How to Make HitFilm Tutorials: A Complete Guide

Interested in creating your own HitFilm tutorials and sharing your knowledge with the world?

I’ve been making tutorials for about 5.5 years, and my process for doing so has changed drastically over time. In my most recent batch of videos, starting from the Neon Path FX in December to now, I’ve found a formula that I think works well and gives me quality results. If you’re a visual person, watch the tutorial above to learn about my process. If you’d prefer to read, see below.


1. Understand the Effect

If you were to start from a blank project, would you be able to recreate your VFX shot? Do you understand how you got there, and how all of the effects and layers work together to make the finished product? To be able to communicate your process to others requires that you have a solid grasp of the material yourself.

Try turning off all of the layers and then turning them on one-by-one. Observe what changes and why, and incorporate that into your transcript.


2. Write the Script

A full-on script is optional; you may be skilled at ad-libbing and feel more natural doing the voiceover at the same time you record the screen capture. For this step, the safest route is to assume that your viewer is relatively unfamiliar with HitFilm. Yes, it’s kind of a pain to repeatedly write, “create a new plane” for every tutorial you make, but your audience will thank you for being so thorough.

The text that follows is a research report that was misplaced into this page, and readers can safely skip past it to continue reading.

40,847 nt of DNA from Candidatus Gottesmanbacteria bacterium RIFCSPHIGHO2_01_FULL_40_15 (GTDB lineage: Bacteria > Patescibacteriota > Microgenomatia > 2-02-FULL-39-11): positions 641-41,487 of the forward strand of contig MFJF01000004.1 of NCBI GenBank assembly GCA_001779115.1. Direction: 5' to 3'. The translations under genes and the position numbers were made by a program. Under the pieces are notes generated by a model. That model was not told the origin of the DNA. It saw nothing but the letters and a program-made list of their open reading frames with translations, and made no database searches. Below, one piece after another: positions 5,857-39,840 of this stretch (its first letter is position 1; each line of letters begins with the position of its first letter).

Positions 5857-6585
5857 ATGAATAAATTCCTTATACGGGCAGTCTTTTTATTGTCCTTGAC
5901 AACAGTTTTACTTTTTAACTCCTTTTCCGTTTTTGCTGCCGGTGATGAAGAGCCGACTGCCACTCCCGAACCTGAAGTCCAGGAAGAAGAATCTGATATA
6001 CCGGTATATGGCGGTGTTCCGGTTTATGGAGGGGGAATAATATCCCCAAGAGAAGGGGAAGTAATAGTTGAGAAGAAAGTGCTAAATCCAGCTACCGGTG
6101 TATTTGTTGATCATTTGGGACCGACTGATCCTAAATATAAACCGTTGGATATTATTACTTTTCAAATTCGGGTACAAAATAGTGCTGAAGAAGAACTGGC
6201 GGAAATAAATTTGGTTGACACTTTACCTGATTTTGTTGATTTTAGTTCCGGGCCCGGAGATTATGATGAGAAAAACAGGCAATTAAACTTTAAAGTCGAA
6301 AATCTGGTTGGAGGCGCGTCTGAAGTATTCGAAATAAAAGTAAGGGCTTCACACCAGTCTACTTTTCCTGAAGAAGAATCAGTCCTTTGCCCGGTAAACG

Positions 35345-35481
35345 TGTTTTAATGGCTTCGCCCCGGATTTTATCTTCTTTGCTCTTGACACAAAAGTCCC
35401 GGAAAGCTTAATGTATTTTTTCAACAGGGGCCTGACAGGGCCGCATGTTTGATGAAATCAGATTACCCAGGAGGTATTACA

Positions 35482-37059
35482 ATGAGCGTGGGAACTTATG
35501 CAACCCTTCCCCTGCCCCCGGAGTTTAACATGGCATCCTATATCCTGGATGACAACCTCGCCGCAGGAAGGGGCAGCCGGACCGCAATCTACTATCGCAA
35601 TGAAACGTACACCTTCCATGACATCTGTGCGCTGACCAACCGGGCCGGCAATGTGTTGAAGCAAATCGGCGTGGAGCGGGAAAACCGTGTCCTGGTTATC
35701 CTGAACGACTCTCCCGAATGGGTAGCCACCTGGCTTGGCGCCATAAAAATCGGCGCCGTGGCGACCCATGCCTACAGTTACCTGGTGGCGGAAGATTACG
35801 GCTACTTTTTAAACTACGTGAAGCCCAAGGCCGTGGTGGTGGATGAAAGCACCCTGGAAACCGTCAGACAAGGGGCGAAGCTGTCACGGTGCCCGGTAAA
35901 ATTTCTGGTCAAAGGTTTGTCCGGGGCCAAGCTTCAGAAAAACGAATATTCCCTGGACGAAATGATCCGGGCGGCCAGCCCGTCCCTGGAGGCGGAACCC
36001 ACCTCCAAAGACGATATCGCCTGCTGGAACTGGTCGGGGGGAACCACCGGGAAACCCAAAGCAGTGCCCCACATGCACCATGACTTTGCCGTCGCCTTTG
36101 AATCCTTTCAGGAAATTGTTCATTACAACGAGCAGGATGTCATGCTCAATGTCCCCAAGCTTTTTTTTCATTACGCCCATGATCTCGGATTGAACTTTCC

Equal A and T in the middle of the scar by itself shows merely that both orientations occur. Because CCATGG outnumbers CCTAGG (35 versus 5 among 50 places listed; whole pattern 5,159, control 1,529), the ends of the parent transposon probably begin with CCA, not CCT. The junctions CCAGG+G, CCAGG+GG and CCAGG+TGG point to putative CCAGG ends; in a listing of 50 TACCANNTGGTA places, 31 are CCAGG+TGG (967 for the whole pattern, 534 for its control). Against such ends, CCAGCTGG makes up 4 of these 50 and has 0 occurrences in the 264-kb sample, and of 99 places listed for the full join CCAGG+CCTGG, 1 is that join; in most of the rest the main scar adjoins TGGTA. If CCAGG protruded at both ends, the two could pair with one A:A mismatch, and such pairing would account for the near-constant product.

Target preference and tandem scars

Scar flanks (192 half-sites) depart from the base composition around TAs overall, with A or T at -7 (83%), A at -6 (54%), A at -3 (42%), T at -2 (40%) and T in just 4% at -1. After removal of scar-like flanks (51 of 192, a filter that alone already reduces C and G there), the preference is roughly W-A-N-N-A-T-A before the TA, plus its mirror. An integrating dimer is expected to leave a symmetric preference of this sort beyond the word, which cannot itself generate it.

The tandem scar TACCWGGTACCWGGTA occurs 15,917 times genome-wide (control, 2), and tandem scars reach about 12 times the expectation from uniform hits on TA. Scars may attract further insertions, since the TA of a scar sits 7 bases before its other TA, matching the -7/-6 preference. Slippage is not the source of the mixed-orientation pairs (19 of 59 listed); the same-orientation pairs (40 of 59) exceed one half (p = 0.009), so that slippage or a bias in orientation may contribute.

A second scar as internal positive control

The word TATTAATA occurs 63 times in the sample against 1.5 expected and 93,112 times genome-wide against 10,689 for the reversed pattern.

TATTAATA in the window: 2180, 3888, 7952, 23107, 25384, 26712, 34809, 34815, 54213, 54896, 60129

Writing a script also allows you to add captions to your video- all you have to do is upload the plain text file to YouTube and it will auto-sync it with your audio.


3. Record and Edit the Voiceover

My biggest piece of advice while doing this is to slow down. Remember that whoever is watching your video is hearing the instructions for the first time. Plus, if you speak quickly, you’re also cheating yourself: the next step involves recording the screen capture while listening to the voiceover. If it’s too fast, you won’t be able to complete the steps in time, and your whole tutorial will suffer.

A warm glass of water by your side won’t hurt either.


4. Record the Screen Capture

I have a Mac, so I use the built-in Quicktime screen recorder. Begin recording your screen and press play on your voiceover. Follow along as best you can; if you fall behind, rewind the VO and try again.


5. Sync the Screen Capture and Voiceover

This process is pretty straightforward: open up your favorite editing software and import your screen capture and edited voiceover. Then sync the two together. I used to add music into my tutorials, but it became a chore to have to find a unique song for every video. In addition to this, some people just find it annoying. If you do decide to add a track underneath the voiceover, choose something light and make sure to lower the volume.

Thanks for watching and reading! Let me know if you have any questions below. If you come across a good HitFilm tutorial or you make one yourself, feel free to share a link.

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